Boznanska found success in France, exhibiting widely, gaining commissions from throughout Europe, and winning many honours for her painting. She became a member of the Societe Nationale des Beaux Arts in 1904 and also enjoyed membership of the Society of Polish Artists in Paris, the Polish Artistic Society, the Association of Polish Women Artist in Krakow and the International Society of Sculptors, Engravers and Painters in London. She was awarded a gold medal at the international exhibition in Munich in 1905, the French Legion of Honour in 1912, the Grand Prix at the Expo Exhibition in Paris in 1939 and the Order of Polonia Restituta in 1938. Between 1890 and 1938 she exhibited in Berlin three times, Munich, Prague, London, Paris, Pittsburgh four times, Vienna twice, Amsterdam, and Venice three times, to name the most prominent of her exhibitions only ("Girl Pondering" is pictured, right, on show in Dusseldorf in 1904.) Despite her growing popularity in Europe it was a deep disappointment to Boznanska that her reputation in her native Poland never matched the acclaim she received elsewhere. She managed only one solo exhibition in Poland, in 1931 when her career was already in decline.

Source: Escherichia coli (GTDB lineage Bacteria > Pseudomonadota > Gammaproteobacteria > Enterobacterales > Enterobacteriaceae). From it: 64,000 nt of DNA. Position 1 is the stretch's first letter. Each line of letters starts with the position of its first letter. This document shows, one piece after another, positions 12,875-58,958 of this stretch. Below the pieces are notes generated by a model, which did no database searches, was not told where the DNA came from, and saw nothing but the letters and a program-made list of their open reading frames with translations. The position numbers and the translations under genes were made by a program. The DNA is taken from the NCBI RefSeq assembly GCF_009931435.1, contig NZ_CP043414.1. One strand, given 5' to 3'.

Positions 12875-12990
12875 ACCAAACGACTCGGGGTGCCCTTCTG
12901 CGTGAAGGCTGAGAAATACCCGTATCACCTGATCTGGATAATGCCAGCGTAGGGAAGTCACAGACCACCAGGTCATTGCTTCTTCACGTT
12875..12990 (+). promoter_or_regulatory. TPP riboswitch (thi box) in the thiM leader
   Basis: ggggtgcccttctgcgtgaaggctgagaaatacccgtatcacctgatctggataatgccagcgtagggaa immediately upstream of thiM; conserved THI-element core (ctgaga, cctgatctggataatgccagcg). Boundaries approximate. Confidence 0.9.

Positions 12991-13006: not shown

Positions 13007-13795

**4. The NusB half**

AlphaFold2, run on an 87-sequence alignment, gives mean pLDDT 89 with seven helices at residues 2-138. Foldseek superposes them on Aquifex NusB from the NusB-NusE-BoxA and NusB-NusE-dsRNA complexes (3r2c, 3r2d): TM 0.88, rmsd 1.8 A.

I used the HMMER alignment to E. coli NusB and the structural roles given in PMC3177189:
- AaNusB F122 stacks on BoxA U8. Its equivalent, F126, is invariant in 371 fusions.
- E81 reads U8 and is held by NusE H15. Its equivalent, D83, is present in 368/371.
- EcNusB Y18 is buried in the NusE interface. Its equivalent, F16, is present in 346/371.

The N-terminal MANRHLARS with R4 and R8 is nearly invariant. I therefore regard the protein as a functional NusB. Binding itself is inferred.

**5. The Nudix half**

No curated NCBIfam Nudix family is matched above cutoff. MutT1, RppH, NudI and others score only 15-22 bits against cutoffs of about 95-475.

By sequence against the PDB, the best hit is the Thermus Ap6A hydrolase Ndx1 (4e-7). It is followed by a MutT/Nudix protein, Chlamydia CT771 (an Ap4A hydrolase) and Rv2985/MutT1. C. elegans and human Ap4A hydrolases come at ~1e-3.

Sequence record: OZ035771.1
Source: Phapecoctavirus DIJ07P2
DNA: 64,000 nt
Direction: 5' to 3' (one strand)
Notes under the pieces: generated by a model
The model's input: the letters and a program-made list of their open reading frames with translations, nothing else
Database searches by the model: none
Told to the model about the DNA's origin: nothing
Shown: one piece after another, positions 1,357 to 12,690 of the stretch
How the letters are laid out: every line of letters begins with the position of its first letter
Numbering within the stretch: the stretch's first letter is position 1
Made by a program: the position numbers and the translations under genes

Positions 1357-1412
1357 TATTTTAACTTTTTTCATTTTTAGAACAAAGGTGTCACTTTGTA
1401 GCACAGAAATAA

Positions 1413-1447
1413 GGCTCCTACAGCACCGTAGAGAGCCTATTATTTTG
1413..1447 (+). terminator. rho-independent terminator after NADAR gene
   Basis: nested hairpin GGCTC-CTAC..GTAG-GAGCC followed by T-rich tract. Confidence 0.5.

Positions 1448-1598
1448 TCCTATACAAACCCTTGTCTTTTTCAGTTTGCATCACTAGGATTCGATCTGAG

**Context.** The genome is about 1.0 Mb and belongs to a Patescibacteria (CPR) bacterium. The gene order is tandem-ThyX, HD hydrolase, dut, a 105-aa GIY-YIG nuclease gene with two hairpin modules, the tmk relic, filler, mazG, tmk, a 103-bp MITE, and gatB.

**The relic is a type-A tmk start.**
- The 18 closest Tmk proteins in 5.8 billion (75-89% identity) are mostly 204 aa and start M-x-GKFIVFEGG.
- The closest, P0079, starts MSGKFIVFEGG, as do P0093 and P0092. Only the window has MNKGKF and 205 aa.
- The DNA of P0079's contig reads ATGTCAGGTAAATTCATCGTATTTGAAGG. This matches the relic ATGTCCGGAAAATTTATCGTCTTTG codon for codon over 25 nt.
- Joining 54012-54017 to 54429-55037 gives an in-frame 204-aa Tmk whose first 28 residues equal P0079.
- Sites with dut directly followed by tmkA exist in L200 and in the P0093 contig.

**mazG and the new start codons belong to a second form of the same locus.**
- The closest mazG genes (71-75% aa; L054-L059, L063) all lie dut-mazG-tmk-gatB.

An extremely sensitive woman by nature, Boznanska lead a solitary and humble existence in Paris despite the truly international success of her work. By the 1930's the commercial popularity of her work was in decline, and not being someone who could ask favours of others, she fell into financial difficulties. Things became so bad that by 1934 friends in Poland had organised a committee to raise funds for her by eliciting commissions and donations from the government and wealthy patrons. Her last major recognition was the 1939 Grand Prix at the Paris Expo. A number of personal tragedies during the late 1930's - the death of her father, the breaking off of an engagement to be married, the mental difficulties and suicide of her sister Izabela and then the Nazi invasion of Poland in 1940, left Boznanska in a fragile state and leading the life of a recluse in her Paris studio. Her health deteriorated rapidly and she died out of public view and in poverty on October 26th 1940. She left behind over 1200 finished works, with many more coming to light each year since. (49 Boulevard Montparnasse, where Boznanska lived and worked for the majority of her time in Paris, is shown left as it stands today.)